Obverse: Sir Henry Parkes, GCMG (27 May 1815 – 27 April 1896) was an Australian statesman, the “Father of Federation.”

As the earliest advocate of a Federal Council of the then colonies of Australia, a precursor to the Federation of Australia, he is generally considered the most prominent of the Australian Founding Fathers. Parkes was described during his lifetime by The Times as “the most commanding figure in Australian politics”. Alfred Deakin described him as “though not rich or versatile, his personality was massive, durable and imposing, resting upon elementary qualities of human nature elevated by a strong mind. He was cast in the mould of a great man and though he suffered from numerous pettinesses, spites and failings, he was in himself a large-brained self-educated Titan whose natural field was found in Parliament and whose resources of character and intellect enabled him in his later years to overshadow all his contemporaries”.

Reverse: Catherine Helen Spence (31 October 1825 – 3 April 1910) was an Australian author, teacher, journalist, politician and leading suffragette. In 1897 she became Australia’s first female political candidate after standing (unsuccessfully) for the Federal Convention held in Adelaide. Known as the “Greatest Australian Woman” and given the epitaph “Grand Old Woman of Australasia”, Spence is commemorated on the Australian 5 dollar note issued for the Centenary of Federation of Australia. Spence was born in Melrose, Scotland, as the fifth child in a family of eight. In 1839, following sudden financial difficulties, the family emigrated to South Australia, arriving in November 1839 at a time when the colony had experienced several years of drought and the contrast to her native Scotland made her “inclined to go and cut my throat”. Nevertheless, the family endured seven months “encampment” growing wheat on an eighty acre (32 ha) selection before moving to Adelaide.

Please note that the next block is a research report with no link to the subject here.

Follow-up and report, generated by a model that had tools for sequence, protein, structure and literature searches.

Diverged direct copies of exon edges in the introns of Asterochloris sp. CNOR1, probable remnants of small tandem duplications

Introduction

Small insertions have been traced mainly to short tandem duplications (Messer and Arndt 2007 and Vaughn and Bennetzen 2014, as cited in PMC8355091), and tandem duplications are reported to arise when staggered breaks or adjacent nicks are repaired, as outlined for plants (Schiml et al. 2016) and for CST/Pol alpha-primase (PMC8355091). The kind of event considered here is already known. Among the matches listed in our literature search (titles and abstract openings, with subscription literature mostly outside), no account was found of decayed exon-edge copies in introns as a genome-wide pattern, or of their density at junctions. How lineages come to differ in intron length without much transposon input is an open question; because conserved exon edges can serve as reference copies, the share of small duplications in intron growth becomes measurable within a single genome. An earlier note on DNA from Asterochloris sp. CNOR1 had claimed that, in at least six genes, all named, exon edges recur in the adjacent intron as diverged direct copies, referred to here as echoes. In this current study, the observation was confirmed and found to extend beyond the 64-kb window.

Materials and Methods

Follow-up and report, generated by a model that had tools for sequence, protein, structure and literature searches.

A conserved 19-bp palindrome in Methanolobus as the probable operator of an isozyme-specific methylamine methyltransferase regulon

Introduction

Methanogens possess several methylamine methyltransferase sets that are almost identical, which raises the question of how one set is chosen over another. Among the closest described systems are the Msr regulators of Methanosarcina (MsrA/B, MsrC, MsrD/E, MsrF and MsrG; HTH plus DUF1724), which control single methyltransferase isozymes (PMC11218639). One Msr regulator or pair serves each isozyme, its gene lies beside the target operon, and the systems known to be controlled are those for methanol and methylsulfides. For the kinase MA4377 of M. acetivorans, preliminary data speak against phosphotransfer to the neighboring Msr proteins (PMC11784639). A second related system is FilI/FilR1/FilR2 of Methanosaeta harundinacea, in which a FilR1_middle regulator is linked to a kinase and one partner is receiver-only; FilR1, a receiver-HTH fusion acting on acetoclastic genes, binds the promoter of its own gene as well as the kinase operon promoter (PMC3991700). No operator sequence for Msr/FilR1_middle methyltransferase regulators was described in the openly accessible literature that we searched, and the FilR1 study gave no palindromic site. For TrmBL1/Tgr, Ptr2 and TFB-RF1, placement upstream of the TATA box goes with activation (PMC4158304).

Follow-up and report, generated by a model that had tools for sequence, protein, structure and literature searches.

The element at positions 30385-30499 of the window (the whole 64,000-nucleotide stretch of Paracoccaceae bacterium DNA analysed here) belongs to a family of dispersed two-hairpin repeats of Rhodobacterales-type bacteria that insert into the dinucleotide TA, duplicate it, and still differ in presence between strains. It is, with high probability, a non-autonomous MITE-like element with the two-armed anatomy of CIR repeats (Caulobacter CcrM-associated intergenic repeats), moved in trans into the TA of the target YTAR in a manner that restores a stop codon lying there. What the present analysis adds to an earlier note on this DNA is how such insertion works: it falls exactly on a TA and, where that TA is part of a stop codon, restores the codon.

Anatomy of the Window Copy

Watermark: With the introduction of the new polymer banknotes we saw the end of the customary watermark. It was replaced with a Variable Optical Security Devices.

History

Seven reasons why Sir Henry Parkes matters:

His rags to riches tale – born into poverty, Parkes was the youngest of seven children. He had very little formal education after the age of eight. He suffered early setbacks with business failure in England, and came to Australia as a penniless immigrant in 1839.